Understanding Pittsburgh's unelected power structure

First stop: 16 authorities that influence our economy and the people who serve on them

Agricultural Land Preservation Board
Air Pollution Control Advisory Committee
Allegheny County Conservation District
Allegheny HealthChoices
Board of Health
Clean Pittsburgh Commission
Pittsburgh Land Bank
Pittsburgh Shade Tree Commission

LaShawn M. Burton-Faulk

Much of what gets built in the city must win the Manchester Citizens Corp. director’s approval — twice.

Wayne Fontana

Long a quiet member of the state Senate and behind-the-scenes political player, this former Teamster now has a say in two potent development agencies.

Lindsay Powell

The only development board member under 30, this member of Mayor Bill Peduto's staff worked in Congress before taking on a city government role.

About this project

The Pittsburgh region is run in large part by more than 500 unelected board members of authorities, commissions and other governmental agencies.

Board members usually don’t get headlines. Those go to the mayor, the county executive or, occasionally, council members, controllers and directors. But boards often decide what does and doesn’t get built, who gets contracts and grants, what rates and fees we pay for everything from bus rides to water, and more.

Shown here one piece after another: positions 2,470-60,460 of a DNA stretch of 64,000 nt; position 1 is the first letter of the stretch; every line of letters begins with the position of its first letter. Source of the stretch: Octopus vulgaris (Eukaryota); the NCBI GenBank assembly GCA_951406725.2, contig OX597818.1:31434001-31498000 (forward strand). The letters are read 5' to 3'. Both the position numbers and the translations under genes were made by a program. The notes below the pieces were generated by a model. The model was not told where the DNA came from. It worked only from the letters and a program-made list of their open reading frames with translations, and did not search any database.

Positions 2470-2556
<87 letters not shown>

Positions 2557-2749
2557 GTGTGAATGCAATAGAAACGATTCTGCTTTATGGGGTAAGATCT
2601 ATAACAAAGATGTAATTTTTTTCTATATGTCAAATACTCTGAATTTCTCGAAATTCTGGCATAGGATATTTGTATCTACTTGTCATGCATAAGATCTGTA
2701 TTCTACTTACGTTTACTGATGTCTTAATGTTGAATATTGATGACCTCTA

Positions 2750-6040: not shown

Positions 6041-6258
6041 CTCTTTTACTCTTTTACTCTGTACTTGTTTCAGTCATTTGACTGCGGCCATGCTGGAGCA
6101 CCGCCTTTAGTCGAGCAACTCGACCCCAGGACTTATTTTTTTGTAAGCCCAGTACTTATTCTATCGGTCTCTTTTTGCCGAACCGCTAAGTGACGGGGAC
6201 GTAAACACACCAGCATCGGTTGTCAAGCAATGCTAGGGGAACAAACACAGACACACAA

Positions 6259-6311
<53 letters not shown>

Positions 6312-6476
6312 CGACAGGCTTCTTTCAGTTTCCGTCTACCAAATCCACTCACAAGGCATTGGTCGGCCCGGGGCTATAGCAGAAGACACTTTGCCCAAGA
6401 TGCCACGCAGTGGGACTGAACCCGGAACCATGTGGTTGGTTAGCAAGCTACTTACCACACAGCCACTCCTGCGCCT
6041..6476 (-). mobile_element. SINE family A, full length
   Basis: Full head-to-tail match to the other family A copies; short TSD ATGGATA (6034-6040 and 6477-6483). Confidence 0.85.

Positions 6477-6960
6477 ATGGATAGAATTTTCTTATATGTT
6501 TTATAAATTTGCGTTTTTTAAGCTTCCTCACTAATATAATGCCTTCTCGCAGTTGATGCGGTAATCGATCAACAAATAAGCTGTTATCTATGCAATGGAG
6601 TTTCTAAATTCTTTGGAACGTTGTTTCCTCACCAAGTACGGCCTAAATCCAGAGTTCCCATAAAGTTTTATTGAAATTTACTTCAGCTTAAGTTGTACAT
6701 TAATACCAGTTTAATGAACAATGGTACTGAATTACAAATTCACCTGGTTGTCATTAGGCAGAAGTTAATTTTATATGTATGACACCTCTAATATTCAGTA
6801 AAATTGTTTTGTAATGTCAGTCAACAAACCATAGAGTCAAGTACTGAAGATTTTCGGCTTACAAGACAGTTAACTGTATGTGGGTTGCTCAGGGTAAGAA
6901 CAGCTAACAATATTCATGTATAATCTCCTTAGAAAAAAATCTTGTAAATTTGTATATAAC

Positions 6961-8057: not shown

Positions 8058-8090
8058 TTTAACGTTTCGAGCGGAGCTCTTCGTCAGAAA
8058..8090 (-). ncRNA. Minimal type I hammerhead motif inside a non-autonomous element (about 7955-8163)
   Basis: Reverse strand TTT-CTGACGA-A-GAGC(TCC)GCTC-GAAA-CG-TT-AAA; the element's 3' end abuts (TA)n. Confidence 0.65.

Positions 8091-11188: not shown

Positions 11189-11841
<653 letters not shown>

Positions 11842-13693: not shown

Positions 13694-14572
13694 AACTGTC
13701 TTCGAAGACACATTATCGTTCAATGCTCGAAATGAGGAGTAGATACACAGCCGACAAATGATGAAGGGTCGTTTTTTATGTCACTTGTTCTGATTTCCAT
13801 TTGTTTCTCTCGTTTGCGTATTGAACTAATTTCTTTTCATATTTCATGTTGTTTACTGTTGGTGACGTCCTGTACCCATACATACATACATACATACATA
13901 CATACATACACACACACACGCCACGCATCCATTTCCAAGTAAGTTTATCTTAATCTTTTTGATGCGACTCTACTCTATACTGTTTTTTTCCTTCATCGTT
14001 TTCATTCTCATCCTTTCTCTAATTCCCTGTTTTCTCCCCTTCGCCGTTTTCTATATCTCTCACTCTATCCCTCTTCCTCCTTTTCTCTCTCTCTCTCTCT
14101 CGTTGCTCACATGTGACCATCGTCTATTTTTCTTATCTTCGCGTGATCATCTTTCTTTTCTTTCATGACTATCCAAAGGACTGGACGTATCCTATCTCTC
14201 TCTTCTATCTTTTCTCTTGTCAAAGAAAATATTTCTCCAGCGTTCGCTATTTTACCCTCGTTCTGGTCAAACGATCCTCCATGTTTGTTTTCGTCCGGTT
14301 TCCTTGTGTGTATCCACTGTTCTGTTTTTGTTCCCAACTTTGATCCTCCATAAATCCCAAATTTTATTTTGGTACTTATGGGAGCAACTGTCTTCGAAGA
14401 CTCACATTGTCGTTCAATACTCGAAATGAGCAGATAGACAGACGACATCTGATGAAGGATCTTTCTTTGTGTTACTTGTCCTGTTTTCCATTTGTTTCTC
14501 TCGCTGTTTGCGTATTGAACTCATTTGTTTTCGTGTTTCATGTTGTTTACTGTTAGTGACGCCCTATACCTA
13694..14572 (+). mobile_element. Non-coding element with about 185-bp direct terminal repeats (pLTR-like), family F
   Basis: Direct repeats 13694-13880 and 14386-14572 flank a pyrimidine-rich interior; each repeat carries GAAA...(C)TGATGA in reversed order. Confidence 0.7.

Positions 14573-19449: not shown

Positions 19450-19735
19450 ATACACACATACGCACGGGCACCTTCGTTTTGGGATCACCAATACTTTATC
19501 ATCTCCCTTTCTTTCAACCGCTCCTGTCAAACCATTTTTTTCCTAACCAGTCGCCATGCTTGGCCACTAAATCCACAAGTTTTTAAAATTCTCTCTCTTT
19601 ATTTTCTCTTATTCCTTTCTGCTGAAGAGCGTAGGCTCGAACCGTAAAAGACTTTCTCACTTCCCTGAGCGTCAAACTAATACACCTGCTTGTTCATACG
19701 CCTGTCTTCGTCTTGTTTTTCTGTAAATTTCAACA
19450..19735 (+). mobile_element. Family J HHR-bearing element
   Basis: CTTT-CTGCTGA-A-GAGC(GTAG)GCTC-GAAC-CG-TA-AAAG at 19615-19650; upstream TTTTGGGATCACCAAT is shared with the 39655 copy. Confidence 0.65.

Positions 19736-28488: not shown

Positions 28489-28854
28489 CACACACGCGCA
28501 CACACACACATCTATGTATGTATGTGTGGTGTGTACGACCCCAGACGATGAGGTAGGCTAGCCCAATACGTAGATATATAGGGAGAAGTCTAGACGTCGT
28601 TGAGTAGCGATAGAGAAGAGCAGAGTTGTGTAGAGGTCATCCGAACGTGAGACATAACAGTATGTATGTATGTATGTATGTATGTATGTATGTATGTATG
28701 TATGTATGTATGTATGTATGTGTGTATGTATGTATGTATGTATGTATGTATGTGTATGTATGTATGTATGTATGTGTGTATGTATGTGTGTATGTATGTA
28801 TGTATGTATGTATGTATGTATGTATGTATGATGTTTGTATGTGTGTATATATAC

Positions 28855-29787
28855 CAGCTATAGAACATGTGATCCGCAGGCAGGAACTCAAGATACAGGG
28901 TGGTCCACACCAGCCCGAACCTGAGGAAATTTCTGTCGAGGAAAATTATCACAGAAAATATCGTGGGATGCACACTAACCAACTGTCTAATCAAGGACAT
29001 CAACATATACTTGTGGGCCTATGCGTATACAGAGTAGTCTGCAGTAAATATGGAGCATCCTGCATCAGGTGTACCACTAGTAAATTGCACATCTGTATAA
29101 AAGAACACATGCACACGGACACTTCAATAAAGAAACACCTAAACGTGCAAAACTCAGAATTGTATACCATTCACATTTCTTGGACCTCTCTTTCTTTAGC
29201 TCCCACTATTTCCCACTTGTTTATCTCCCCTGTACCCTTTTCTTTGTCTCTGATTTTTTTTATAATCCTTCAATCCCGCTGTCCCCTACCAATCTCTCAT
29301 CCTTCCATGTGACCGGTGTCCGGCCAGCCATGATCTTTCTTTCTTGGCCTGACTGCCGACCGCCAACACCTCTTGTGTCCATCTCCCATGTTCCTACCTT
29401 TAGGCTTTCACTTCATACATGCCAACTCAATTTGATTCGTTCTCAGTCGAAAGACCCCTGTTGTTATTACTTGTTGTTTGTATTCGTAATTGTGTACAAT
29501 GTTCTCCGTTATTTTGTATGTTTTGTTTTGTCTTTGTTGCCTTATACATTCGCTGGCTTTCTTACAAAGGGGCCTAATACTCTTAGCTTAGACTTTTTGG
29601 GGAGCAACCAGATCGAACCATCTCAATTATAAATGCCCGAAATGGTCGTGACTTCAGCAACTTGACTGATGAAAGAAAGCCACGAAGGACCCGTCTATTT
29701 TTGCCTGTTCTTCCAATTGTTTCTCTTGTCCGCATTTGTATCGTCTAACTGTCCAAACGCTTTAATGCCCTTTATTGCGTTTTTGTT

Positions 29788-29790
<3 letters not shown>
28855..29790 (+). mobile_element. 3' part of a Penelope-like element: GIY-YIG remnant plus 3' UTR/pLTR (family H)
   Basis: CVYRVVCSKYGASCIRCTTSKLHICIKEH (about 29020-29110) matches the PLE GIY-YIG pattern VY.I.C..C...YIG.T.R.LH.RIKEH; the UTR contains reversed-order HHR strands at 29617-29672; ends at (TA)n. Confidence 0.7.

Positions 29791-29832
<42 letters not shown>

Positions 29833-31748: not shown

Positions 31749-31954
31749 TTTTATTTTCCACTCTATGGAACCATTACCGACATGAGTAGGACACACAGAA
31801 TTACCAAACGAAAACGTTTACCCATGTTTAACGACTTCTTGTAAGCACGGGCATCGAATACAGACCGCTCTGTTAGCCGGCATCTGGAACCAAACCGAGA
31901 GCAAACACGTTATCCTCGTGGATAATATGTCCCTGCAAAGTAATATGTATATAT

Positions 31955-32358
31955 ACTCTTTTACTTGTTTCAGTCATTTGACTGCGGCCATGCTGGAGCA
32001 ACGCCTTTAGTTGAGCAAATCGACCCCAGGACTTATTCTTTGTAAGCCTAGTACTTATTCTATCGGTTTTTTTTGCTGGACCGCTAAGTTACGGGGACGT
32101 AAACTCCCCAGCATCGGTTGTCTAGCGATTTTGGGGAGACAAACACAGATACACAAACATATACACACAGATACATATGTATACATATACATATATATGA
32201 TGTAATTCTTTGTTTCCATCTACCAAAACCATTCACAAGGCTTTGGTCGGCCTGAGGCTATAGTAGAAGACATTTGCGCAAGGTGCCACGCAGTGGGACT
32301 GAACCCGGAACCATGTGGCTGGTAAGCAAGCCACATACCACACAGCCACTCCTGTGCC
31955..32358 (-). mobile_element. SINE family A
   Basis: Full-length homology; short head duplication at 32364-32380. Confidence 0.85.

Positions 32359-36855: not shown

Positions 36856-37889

Now, as the region copes with the effects of the coronavirus pandemic, the operations of those boards are likely to affect our lives and futures more than ever. Already, boards are switching gears from managing growth to addressing an economic emergency. It’s time we got to know them better.

PublicSource’s new Board Explorer sheds light on the boards and their roles, providing information about each member and inviting analysis of this important part of the region’s power structure.

We’ll start with 16 boards involved — directly or indirectly — in the region’s economy. From ALCOSAN, which is rebuilding the sewer system, to the Zoning Board of Adjustment, which approves or denies construction proposals, these boards affect jobs, the built environment, housing, transportation, utilities, cultural assets and more.

Over the coming months, PublicSource will add more boards, further analysis and deeper looks at key members. Explore with us and, if you have a story idea or something you think we should investigate, please let us know.

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